these three objectives and want to do the same in the partially observable case. More
precisely, when working on real applications in the field of energy generation, we have seen
that many problems are simplified so that they boil down to fully observable problems,
but that this is a bad application; and our solvers must include some tricks for the partial
observability. This is the main motivation for this project; we assume that mathematical
analysis can be done on this (objective 1); that it will provide big results in games (objec
tive 2) where many main programs are based on nonconsistent algorithms. We believe
that requirements above (objective 1) and visible realizations will facilitate the migration
to realworld application; also we point out that previous research projects involving us
facilitated contacts with industry, in particular in the field of energy generation, which is
a key point for this third objective. A roadmap for objective 3 is as follows:
Check on simple versions of energy production problems whether the fully observable
approximation is ok. We guess that in many cases it is not ok, and we want to clearly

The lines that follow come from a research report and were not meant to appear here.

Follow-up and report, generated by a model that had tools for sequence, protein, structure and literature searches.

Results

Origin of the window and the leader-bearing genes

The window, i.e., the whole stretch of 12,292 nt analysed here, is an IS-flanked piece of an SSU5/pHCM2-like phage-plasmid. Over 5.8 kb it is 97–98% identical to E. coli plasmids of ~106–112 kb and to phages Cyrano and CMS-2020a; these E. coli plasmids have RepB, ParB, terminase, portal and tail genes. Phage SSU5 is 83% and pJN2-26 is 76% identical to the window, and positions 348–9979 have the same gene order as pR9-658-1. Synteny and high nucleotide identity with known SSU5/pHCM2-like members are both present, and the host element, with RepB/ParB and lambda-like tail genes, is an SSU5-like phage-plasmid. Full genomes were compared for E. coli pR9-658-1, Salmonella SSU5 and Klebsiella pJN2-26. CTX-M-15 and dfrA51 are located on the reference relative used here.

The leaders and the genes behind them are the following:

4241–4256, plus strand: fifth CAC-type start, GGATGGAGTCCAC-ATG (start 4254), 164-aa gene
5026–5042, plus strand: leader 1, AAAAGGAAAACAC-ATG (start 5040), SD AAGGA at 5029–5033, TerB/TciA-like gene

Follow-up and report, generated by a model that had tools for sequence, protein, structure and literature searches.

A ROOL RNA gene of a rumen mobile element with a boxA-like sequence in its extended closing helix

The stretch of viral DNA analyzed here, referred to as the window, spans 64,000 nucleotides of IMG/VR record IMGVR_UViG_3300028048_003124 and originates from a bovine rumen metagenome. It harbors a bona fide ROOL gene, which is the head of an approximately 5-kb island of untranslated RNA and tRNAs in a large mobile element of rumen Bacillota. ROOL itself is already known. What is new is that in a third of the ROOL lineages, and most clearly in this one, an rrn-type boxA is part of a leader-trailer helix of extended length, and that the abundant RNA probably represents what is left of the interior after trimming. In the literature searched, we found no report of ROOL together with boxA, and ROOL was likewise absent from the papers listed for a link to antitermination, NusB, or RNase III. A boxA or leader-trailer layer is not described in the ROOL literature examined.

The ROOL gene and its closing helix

state to which extent (by how many percents) we loose in terms of loss function.
Experiment our algorithms on real industrial problems. We will work both on
Taiwancentered and on EuropeCentered electricity generation problems in order
to widen the scope of the analysis and so that both partners can be helpful in terms
of applications in their own countries.
We have made papers related to energy management, including papers in very applied conferences.
We are in the process of creating a company in Taiwan, hopefully during the 2nd semester of 2013.
One student (Adrien Couëtoux) has spent 6 months there, another student has spent 5 months; Adrien just
starts a second 6 months stay there.
Inria International Partners4>
Microsoft Research Cambridge5>
Title: Intelligent Decision Making Mechanisms with Hidden Information, and Application to Electricity Generation
International Partner (Institution  Laboratory  Researcher):
See also: http://www.lri.fr/~teytaud/indema.html
The objectives of the project are threefolds:
Objective 1: Designing consistent iterative realistic algorithms for partially observ able 1player or 2player games. We mean: